TAIPEI - Some of the biggest stars in Asian cinema gathered in Taipei Saturday for this year’s Golden Horse film awards, with Taiwanese director Hou Hsiao-hsien shooting for more glory after triumphing at Cannes. Taiwanese film-maker Ang Lee, Japanese actor Satoshi Tsumabuki and Korean actress Ha Ji-won were among the celebrities to grace the red carpet at the awards, dubbed the Chinese-language “Oscars”.

Hundreds of excited and screaming fans braved the rain to see their idols arrive at the Sun Yat-sen Memorial Hall in downtown Taipei on Saturday evening. This year’s awards list is dominated by Taiwan, with around 40 percent of nominations, one of the best homegrown showings in recent years when Hong Kong and China have outshone Taiwanese competitors. Arriving at the event, Taiwanese film director Chen Kuo-fu, who is also the chair of this year’s Golden Horse awards jury, said the country’s film industry had experienced ups and downs in recent years but that he was “especially happy and excited this year”. Hou’s “The Assassin” leads the field with 11 nominations for the awards. The movie’s nominations include best film, best director, best leading actress, best adapted screenplay and best cinematography. Set in ninth-century China, “The Assassin” is a slow-burning minimalist movie with Taiwanese megastar Shu Qi playing a highly trained female assassin sent back to her home province to kill its governor, who is also the man she loves.

“I’m really glad director Hou gave this opportunity to challenge myself,” Shu Qi said. Hou won the best director gong for the film at Cannes in May and has since said he is hoping the movie will garner an Oscar. Also up for best film are “Thanatos, Drunk” from Taiwanese director Chang Tso-chi a drama about two sons of an alcoholic mother and their dysfunctional lives; Hong Kong director Philip Yung’s crime thriller “Port of Call”; black-and-white movie “Tharlo”, the tale of a shepherd by Tibetan director Pema Tseden; and “Mountains May Depart”, a family saga from Chinese director Jia Zhang-ke. Film critics have praised the strong field, but Hou is favourite to win. “I’m not saying the other films are not good — they are all good, but not good enough to take on ‘The Assassin’,” Kelly Yang, a Taipei-based cinema critic, told AFP. Hou’s foray into ancient China tapped “fundamental human nature, which is universal”, says Yang. “(He) tries to present abstract Zen philosophy through his characters and does a brilliant job.” Hou will also be awarded Outstanding Taiwanese Film-maker of the Year at the ceremony Saturday, for what organisers describe as his “achievement and uncompromised perseverance”. The Golden Horse best actress category will see a battle between Shu Qi of “The Assassin” and Hong Kong star Karena Lam, who plays a woman struggling to cope after her fiance is killed in a car accident in “Zinnia Flower”. Best actor contenders include 25-year-old Lee Hong-chi, who plays one of the sons in “Thanatos, Drunk”, and China’s Feng Xiaogang - better known as a director - for his role as an ageing street kingpin in the film “Mr Six”.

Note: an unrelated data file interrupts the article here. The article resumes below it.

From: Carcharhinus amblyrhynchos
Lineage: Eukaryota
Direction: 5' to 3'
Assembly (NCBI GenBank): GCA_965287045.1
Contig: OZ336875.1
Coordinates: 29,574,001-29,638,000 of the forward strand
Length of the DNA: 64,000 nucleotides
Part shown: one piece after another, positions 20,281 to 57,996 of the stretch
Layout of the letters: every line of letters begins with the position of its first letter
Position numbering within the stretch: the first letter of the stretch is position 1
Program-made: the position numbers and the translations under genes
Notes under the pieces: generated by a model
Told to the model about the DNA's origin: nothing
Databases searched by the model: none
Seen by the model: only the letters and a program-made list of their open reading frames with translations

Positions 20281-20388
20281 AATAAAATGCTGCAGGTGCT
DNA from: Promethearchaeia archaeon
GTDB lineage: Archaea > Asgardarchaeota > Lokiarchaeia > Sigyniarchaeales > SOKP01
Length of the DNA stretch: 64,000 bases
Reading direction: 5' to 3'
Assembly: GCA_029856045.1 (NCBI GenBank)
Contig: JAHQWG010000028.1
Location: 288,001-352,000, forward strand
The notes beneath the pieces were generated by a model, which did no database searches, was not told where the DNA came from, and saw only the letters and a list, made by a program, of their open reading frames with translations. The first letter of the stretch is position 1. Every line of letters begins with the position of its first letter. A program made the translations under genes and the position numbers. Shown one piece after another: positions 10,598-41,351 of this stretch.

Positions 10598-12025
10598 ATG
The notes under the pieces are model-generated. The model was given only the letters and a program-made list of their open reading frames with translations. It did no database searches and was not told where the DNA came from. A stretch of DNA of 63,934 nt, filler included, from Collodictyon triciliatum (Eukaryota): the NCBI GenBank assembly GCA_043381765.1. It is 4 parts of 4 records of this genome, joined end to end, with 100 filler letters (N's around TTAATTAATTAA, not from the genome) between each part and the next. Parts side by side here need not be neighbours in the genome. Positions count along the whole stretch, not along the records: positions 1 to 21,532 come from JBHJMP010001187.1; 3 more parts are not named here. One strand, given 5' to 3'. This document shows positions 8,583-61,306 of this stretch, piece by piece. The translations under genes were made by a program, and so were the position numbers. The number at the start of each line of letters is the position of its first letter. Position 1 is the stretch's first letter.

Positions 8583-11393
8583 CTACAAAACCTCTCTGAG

In addition to Hou, Chang Tso-chi and Pema Tseden are among the favourites for the best director award. Thirty-nine films were nominated for the 52nd edition of the Golden Horse Film Awards. While they are styled on the US Academy Awards, the winners are decided by a jury, along the lines of the Cannes film festival.